Notice that there are two conditions understood here. One is, you don't abandon anything at the drop of a hat just because it doesn't work once. If you have a consistently positive return from some method or product, and one freak failure in the bunch, you don't cut it off. You figure out why, you move on, you keep tracking.

The second condition is just as important. Most methods, products, services, etc., that need to be dropped won't stop working altogether. A distribution channel, for example, may still get the product distributed, but it won't be the best way to get the work done. You've got to analyze not only what you have, and how well it is working, but how much better things could work with some newness thrown in the mix. Then you have to drop the old stuff, the dead-weight, and move on to what works better.

Sabotage #4: Failing to build innovation into your business

This (bad) habit goes hand-in-hand with Sabotage #3. If you aren't constantly looking for ways to improve your business, you won't be aware of how much your business could improve. New things will scare you, rather than cause you to see the possibilities for profitability, growth, and sustainable practices. Just as you need to systematize your day-to-day work, you need to build innovation systematically into your business.

"As counterintuitive as it sounds, I think you can innovate methodically. You can force innovation. There is a process you can follow to improve both the number and the quality of ideas you can come up with." – Kevin O'Connor, The Map of Innovation

Sabotage #5: Taking things personally.

As an entrepreneur, business owner, or freelancer, you invest much of yourself into each new venture, or into each day's work, or into each new client or project. Your personal identity is often wrapped up in your business, and that isn't a bad thing unless you allow your personal reactions to color your business sense.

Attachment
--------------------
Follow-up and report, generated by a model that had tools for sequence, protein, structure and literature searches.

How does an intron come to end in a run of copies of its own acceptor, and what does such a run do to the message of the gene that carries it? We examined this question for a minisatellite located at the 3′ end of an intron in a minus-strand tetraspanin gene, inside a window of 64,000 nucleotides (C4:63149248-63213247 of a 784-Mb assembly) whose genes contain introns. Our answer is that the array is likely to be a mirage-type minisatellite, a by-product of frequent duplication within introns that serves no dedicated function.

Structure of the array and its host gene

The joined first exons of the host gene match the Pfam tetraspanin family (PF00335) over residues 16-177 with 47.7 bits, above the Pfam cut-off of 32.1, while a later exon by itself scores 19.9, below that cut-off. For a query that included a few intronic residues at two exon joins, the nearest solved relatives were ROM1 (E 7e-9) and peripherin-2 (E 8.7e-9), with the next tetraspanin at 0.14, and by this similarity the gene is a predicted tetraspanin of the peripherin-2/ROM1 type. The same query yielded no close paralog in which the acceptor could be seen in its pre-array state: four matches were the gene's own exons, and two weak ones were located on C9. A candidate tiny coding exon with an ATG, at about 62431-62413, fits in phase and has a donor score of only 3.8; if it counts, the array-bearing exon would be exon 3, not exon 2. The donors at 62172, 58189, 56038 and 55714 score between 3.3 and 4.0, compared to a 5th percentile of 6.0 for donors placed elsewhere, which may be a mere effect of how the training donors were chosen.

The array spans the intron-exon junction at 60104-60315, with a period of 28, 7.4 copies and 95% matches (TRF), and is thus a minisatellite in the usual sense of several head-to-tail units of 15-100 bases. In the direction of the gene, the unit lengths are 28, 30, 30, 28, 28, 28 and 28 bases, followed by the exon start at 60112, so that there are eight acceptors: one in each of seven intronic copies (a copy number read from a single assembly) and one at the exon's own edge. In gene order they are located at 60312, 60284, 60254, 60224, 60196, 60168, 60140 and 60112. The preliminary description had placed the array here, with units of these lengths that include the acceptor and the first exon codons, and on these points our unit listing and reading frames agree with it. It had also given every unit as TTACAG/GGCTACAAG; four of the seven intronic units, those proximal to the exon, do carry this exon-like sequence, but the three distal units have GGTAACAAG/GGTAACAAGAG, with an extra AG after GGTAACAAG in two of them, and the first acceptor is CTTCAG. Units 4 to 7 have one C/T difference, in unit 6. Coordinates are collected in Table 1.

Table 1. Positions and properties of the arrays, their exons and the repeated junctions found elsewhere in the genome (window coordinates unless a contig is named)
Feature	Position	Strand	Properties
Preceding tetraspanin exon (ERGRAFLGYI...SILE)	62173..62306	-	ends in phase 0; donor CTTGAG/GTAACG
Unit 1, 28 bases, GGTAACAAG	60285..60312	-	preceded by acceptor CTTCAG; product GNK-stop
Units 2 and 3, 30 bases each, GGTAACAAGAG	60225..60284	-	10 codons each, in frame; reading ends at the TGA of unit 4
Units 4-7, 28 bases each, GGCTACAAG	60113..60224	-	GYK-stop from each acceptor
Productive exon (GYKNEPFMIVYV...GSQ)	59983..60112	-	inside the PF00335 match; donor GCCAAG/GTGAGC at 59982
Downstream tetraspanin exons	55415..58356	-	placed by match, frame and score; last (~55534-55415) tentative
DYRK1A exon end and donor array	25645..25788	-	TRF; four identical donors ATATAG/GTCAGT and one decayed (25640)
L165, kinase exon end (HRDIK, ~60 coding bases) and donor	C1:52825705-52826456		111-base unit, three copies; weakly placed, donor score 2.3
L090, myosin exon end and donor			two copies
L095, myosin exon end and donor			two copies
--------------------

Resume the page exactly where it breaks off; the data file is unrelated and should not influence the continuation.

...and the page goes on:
Can you respond to a customer's complaints, or an employee's criticism, without being personally offended? Can you listen to a new idea without shutting it down because you didn't come up with it? Can you consider a failed project as a way to learn rather than a personal chasm of despair? If you can't, time to start learning. You may still feel strongly about what happens in your business; that's okay. But you've got to respond with dignity, open-mindedness, and the ability to see the value in each experience or critique rather than allowing those personal feelings to put you into shut-down mode.

Self-sabotage, in the way I've described here, is hardly ever deliberate. In fact, it's hardly ever done consciously. It's most often a matter of you doing the same things you've done, following those old habits, without considering how your habits could debilitate or even destroy your business. The simple solution is to identify and destroy those habits, and then focus on building new habits that help build your business.